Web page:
Firstly, my apologies for those reader outside the U.S. Sometimes the information may restrict the contents.
Someone sent me a link to this article, “The Most Romantic Small Towns in the U.S.”
Only in the U.S.? Seems a little restrictive. Why not most romantic small towns in Asia or the Middle East or the world. But in spite of the restriction, it did pique my interest – a lot.
I read the article wondering why Vivian Chung thinks these were such romantic places.
She didn’t say. So I sifted through her description of each of these small towns, “listening” for the “why” she found them so romantic.
The first towns are on the east coast of the U.S. She likes the east. Then she jumped across the continent. My guess of east vs. west wasn’t accurate.
All but one is located near water – most by the ocean. Does she associate romance with a weekend near the water?
Comparing her writings about Montauk, St. Simons, Aspen, Skaneateles and others, I recognized a commonality.
As Ms. Chung described what made each town romantic, her descriptions focused on how each small town invited couples to spend time walking together, eating together, exploring together, riding together.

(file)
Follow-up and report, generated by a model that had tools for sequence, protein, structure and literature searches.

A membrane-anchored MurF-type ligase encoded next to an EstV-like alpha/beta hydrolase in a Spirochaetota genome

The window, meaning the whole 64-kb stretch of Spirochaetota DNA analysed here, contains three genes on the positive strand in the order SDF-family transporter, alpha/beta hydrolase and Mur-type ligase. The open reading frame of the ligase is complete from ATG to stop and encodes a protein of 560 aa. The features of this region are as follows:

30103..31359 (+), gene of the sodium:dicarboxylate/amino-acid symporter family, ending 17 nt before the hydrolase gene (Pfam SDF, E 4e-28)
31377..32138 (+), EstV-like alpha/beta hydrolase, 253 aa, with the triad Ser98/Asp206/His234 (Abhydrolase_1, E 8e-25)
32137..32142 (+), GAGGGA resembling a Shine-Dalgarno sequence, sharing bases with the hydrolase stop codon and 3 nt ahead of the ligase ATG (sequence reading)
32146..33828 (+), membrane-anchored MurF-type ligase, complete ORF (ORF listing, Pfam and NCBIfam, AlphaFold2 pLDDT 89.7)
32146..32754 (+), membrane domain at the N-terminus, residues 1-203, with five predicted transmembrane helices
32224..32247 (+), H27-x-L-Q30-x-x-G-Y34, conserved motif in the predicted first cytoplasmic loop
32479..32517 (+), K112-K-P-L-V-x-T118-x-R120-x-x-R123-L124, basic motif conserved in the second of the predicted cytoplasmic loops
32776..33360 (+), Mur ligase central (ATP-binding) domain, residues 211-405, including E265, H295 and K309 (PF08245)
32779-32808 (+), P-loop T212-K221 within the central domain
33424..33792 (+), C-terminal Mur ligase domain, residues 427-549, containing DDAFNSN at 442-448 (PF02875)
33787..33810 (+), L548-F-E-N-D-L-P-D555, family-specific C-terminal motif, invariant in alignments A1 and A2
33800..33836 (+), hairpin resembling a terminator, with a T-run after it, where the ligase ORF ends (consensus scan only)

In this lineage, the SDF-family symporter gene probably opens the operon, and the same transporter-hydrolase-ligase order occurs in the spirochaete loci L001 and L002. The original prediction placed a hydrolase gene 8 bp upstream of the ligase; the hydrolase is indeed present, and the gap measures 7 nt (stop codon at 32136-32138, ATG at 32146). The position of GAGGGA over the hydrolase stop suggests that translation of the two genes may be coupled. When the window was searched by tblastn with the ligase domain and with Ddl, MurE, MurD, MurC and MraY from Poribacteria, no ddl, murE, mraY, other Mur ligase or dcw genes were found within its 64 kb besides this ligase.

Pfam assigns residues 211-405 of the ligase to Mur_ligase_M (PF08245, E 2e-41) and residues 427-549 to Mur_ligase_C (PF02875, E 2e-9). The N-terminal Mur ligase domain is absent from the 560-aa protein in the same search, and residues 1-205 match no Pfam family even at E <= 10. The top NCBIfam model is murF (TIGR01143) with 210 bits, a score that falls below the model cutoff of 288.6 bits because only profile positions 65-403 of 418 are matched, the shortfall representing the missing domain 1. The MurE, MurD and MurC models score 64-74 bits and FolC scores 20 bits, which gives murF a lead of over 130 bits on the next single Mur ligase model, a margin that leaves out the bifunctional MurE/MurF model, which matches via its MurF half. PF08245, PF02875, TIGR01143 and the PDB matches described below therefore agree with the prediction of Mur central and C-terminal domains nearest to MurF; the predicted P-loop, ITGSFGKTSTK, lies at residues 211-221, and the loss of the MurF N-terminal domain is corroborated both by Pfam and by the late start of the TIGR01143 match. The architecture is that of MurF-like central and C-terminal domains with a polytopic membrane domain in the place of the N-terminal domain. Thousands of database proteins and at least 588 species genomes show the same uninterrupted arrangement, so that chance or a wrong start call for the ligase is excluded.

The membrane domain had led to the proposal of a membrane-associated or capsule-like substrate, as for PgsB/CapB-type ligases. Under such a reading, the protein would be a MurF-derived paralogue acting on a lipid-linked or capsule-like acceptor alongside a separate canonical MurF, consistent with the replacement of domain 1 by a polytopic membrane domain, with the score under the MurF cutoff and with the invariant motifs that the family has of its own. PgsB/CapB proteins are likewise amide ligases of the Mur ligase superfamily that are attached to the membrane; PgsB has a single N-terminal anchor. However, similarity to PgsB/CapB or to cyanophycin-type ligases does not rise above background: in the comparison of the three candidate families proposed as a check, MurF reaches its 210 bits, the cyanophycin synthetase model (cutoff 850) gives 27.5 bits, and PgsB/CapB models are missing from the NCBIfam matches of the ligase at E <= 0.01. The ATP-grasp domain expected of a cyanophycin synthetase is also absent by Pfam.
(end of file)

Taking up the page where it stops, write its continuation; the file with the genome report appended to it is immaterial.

Do you sense a pattern? How would you guess Ms. Chung’s prefers way to be romanced? Words? Gifts? Time together? Touch?
I’d guess her romantic preference is spending time together.
If your sweetheart prefers to be romanced by spending time together and you’d like to get away with your sweetheart for a romantic retreat, you might want to look at some of Vivian Chung’s travel writing. She seems to focus on spending time together as being romantic.
When looking for romantic ideas, remember to use your sweetheart’s preference as a parameter in your research.
I think Friday Harbor has some real possibilities for a romantic weekend.
Robert, a hopeless romantic
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